3)    The machine most importantly does not play work place politics which I find is on par with what is played by Mayawati, Mamata and the others at the national level.  You ask the machine what 2+2 is and it doesn’t say, “I always told you that 2 was more attached to 3. If you put 2 with another 2 they’ll start bitching about each other and you can never total it up. What about 3 and 6 instead. They’re very sweet” Or it doesn’t whine, “Why am I always asked to do all this difficult addition and she gets all the easy subtraction. This is not fair.” Or it doesn’t retort, “I can’t work with 2. I HATE it” It doesn’t cry to you saying 3 treats it badly or it needs more pay to sum up to 4. The machine simply adds the two numbers. People do everything else but that. By the end you finish dealing with all the politics and dynamics of who has to what job, who can work/can’t work with who, who can be/can’t be trusted with the job, you end up forgetting what the job was. Like I always do.

4)    The machine does not give you a you-are-out-to-make-my-life-miserable-look every time you look at it.

5)    The machine doesn’t smile sweetly at you and pass nasty comments once you are out of sight. In short, the machine doesn’t bitch.

And the machine doesn’t do a million other unnecessary things that people do. It only does its job. Probably this is exactly how my previous manager felt too but even now I feel managers in the IT field have it a bit easier when it comes to dealing with employees since in IT, there is at least no public cat fighting or open bitching. People at least pretend to like and be nice to each other. Any animosity is not taken up to the managerial levels and is just left to cool off by itself. When asked what 2+2 is, they do all the fighting and bitching among themselves and only tell the manager that it is 4. He is spared of the means! The rest of the world isn’t so hunky-dory and I face new challenges and pressures every day. It’s been a great experience to be fair and I’m NOT hating it. I love playing the ‘Naataamai’ and love discovering new aspects about my work and the people each day. All I want is to hang around and see if that wonderful day when 2+2=4, without any other strings attached, will ever arrive. Hoping it does. SOON!!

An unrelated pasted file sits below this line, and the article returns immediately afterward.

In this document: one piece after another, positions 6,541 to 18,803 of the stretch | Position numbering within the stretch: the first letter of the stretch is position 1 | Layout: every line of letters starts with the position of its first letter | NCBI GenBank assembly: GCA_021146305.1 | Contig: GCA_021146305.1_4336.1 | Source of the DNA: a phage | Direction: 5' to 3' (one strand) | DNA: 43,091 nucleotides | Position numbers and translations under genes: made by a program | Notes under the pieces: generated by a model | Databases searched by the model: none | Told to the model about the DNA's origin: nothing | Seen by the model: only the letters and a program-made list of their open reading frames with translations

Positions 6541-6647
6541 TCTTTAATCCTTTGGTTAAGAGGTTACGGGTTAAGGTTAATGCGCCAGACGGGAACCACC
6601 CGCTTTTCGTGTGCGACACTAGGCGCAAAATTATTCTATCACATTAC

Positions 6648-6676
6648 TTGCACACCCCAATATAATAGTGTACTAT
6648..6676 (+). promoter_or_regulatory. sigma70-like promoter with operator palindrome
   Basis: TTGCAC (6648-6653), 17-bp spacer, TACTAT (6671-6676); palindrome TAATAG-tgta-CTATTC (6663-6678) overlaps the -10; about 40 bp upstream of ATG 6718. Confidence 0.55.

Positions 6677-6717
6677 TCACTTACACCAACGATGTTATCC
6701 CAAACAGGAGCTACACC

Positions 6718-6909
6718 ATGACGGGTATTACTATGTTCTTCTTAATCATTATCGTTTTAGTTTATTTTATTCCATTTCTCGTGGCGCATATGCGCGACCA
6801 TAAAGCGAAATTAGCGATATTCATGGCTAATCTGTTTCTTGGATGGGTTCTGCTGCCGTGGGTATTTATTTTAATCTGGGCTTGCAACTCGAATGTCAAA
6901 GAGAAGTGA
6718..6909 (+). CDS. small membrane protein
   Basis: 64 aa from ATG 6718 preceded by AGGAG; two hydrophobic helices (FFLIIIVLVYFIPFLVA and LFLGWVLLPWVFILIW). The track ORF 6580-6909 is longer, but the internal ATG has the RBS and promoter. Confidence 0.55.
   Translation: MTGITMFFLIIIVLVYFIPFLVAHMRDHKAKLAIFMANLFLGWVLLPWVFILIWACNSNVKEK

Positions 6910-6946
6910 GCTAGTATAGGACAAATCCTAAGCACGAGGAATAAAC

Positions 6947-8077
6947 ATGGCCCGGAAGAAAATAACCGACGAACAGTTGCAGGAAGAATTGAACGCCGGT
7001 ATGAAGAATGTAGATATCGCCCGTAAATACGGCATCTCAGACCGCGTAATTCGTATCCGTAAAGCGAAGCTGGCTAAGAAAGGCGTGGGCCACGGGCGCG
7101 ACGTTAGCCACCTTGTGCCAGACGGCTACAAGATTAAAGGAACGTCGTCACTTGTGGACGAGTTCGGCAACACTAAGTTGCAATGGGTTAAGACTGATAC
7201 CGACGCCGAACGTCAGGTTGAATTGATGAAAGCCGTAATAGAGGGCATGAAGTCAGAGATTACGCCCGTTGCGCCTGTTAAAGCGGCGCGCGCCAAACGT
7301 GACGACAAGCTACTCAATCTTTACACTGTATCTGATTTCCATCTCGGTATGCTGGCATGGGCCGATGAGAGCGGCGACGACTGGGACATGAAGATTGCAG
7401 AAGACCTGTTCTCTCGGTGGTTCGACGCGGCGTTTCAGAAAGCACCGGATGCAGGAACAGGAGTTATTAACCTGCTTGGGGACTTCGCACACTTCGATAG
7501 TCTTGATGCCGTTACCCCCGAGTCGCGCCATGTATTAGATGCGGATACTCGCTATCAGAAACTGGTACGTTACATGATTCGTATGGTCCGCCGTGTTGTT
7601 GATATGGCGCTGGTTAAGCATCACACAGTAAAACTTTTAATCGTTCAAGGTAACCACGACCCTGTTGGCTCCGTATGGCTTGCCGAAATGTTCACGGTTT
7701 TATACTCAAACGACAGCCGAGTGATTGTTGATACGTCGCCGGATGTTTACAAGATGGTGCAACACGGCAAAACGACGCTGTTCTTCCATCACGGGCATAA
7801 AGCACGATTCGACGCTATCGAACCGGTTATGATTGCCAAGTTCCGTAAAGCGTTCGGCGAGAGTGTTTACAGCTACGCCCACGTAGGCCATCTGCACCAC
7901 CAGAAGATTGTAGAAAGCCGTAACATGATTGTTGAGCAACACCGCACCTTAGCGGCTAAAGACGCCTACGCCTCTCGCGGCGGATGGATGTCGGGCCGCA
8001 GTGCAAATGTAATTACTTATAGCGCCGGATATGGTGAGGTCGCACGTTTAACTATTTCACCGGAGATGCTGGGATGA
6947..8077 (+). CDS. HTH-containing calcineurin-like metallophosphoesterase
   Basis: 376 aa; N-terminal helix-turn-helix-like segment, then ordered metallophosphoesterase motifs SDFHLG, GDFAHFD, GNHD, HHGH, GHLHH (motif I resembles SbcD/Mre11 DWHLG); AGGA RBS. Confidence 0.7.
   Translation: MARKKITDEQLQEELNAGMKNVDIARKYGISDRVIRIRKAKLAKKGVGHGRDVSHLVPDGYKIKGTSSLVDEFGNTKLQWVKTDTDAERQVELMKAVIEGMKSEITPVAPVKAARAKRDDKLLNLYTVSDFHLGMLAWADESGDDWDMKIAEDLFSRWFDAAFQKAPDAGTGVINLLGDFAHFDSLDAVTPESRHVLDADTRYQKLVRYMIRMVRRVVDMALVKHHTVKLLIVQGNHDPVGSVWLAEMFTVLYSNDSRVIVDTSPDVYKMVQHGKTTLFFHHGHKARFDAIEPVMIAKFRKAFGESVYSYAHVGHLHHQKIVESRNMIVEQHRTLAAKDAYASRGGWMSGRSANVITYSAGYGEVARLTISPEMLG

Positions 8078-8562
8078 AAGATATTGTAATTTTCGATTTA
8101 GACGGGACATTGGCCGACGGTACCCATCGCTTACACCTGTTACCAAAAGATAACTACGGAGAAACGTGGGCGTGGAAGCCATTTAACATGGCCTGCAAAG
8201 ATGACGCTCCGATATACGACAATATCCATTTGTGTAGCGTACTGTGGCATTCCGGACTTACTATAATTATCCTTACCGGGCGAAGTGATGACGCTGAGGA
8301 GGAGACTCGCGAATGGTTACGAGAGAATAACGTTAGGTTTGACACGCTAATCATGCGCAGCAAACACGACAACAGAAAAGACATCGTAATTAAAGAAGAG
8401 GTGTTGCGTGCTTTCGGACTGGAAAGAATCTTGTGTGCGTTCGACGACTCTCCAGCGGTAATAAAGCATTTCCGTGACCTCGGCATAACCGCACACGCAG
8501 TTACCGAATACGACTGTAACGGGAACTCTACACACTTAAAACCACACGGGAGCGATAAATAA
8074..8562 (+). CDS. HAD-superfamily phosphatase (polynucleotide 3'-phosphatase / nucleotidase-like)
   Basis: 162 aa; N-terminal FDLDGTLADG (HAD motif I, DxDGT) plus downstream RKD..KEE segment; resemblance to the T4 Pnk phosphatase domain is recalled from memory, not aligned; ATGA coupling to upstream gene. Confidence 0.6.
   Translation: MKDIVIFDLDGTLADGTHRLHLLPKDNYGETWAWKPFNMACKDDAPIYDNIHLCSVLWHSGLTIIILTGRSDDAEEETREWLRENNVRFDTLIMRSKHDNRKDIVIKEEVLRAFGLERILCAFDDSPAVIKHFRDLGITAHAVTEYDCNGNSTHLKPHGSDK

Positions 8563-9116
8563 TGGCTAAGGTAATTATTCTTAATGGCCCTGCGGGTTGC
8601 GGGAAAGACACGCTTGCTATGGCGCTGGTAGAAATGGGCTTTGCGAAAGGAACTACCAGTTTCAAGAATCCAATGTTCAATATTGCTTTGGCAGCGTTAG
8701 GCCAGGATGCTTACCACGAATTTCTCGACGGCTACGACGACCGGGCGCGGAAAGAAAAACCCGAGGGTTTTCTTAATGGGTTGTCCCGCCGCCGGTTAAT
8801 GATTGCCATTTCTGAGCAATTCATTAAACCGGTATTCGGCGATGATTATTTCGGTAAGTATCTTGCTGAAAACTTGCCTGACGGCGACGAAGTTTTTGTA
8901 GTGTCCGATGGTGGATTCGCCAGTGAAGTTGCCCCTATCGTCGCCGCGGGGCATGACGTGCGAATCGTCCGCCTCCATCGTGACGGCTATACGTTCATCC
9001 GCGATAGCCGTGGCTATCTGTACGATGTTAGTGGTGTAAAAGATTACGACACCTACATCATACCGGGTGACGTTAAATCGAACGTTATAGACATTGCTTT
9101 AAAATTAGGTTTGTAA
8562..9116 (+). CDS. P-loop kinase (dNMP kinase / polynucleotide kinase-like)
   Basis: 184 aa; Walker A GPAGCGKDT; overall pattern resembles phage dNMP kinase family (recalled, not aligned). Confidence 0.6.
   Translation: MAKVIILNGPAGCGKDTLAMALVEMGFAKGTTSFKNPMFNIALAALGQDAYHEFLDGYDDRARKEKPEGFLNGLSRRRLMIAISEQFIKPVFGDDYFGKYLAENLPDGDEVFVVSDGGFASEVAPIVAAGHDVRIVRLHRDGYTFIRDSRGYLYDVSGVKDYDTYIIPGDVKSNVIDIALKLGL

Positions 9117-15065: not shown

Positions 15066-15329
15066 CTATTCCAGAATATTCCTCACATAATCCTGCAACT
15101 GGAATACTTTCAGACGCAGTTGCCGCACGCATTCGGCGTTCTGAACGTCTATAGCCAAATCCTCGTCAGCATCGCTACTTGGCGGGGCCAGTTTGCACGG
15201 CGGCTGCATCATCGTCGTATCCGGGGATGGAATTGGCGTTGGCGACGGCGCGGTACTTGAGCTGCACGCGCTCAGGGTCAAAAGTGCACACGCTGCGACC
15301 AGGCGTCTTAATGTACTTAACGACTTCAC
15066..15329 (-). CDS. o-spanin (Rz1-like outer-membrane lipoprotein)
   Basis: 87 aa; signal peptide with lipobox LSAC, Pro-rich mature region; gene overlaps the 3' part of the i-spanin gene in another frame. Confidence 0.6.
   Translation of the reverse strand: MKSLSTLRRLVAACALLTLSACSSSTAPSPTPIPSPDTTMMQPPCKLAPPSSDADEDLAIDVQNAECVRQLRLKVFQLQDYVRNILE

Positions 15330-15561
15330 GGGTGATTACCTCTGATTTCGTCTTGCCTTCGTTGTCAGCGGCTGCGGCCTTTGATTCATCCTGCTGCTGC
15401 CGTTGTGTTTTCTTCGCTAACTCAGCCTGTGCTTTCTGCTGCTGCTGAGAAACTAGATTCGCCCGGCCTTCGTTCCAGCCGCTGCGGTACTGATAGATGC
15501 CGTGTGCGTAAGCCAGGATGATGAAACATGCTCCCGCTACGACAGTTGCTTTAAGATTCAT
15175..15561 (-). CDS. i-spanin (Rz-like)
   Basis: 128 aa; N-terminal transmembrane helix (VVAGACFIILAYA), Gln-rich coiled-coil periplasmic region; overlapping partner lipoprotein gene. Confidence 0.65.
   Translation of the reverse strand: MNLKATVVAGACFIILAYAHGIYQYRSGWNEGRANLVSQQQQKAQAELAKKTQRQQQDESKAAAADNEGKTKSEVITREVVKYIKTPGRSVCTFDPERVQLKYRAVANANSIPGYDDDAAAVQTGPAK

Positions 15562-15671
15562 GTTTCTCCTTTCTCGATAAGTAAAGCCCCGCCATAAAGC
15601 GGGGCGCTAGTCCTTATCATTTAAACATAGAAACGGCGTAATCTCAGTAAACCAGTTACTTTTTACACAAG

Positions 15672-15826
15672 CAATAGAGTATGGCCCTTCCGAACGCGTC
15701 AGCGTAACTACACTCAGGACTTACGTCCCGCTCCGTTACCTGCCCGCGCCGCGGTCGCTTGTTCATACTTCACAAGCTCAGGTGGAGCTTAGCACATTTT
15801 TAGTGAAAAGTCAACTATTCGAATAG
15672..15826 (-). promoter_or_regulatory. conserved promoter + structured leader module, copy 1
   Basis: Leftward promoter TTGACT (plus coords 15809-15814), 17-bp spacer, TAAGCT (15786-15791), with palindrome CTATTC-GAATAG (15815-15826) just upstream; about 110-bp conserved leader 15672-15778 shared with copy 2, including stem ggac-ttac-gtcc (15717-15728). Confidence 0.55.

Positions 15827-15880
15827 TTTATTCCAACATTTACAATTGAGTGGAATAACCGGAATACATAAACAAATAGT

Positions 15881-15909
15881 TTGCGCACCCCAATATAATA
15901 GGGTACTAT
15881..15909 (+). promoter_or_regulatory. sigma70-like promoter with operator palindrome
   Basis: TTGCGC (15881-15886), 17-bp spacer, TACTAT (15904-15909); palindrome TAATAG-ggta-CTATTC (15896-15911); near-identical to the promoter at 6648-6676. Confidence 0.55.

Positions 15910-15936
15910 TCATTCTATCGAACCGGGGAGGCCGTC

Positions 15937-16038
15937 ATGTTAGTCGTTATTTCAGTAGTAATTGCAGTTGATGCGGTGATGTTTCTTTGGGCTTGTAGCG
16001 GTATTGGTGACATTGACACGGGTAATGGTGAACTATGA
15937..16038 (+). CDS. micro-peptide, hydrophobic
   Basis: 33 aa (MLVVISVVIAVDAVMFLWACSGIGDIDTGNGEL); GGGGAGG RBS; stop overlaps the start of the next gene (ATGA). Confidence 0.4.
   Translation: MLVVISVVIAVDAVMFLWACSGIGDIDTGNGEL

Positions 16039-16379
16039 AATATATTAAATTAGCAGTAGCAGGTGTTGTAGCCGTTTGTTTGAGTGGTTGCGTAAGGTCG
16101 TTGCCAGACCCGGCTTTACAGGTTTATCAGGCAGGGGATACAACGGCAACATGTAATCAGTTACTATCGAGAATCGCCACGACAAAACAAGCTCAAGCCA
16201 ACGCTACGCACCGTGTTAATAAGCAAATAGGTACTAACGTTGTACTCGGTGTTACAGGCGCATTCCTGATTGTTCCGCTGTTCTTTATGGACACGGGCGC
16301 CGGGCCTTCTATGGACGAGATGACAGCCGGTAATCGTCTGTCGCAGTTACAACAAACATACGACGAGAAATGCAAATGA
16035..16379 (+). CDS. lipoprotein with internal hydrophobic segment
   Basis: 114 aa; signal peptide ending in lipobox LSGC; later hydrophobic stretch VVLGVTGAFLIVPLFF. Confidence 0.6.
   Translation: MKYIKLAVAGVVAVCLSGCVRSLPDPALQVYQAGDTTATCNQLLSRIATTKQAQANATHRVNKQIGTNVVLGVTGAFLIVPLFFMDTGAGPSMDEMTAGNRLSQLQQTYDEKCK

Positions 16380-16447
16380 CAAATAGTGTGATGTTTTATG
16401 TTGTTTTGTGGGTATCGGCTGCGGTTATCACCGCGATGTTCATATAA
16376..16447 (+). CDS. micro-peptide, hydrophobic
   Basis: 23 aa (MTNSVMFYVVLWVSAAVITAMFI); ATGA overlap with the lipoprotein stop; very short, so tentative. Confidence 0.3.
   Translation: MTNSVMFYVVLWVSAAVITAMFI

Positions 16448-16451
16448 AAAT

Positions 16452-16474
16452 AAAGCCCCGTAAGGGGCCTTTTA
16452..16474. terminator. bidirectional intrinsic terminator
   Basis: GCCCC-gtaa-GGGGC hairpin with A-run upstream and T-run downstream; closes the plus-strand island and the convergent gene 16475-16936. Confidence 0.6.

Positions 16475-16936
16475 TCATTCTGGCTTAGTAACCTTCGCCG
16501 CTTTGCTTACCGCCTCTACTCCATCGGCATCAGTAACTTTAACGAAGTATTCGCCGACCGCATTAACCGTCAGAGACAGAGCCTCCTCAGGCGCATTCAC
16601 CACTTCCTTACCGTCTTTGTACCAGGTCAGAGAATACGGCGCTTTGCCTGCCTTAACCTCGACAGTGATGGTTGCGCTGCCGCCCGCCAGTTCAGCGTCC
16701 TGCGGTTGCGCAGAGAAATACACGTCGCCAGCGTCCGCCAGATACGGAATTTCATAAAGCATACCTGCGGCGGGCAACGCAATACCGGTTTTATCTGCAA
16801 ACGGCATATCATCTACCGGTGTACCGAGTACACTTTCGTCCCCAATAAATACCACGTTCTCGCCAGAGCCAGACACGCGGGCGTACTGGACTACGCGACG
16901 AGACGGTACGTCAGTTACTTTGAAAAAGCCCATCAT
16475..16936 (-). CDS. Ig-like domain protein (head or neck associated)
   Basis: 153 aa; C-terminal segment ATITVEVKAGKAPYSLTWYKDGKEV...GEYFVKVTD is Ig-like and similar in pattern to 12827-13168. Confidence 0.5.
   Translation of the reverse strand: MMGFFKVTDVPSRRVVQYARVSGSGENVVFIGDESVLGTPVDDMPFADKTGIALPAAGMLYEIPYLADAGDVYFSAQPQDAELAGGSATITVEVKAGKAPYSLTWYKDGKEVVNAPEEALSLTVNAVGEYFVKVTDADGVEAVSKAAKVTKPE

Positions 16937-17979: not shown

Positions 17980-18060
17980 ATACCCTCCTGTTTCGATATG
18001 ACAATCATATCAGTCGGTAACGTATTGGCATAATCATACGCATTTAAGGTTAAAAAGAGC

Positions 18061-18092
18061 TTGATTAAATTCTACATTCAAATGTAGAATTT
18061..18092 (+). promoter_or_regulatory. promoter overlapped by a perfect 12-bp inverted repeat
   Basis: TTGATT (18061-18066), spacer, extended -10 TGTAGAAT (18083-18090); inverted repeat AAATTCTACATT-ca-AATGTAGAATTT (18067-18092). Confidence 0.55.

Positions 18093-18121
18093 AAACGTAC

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Another last day…

Last day as a school going kid. Last day as a teenager. Last day as a nonchalant unaffected come-what-may college girl. Last day being single. And now last day as a working IT professional. These last days are really something aren’t they?? Some last days are inevitable. You are bound to face your last day as a teenager someday. You are bound to ‘live’ your last day in the world someday. But certain other last days are forced on us. Like my last day at college when they literally had to drag me out of the hostel and throw me out. I even regretted back then that I didn’t have an arrear or two so that I could prolong college life for some more time. And then there are these last days that you make by choice. You think when you decide to let go of something out of your own will and choice, you will never regret it. You think it wouldn’t hurt at all. No, not one bit. But then, as I just found out, it does hurt. It does pain. You may just brush aside the nostalgia and memories that rush up like fizz on a cold drink, to a corner of the heart like rubbish being swept away, but leaving back a routine that you are so used to for two years at a stretch does seem to be daunting.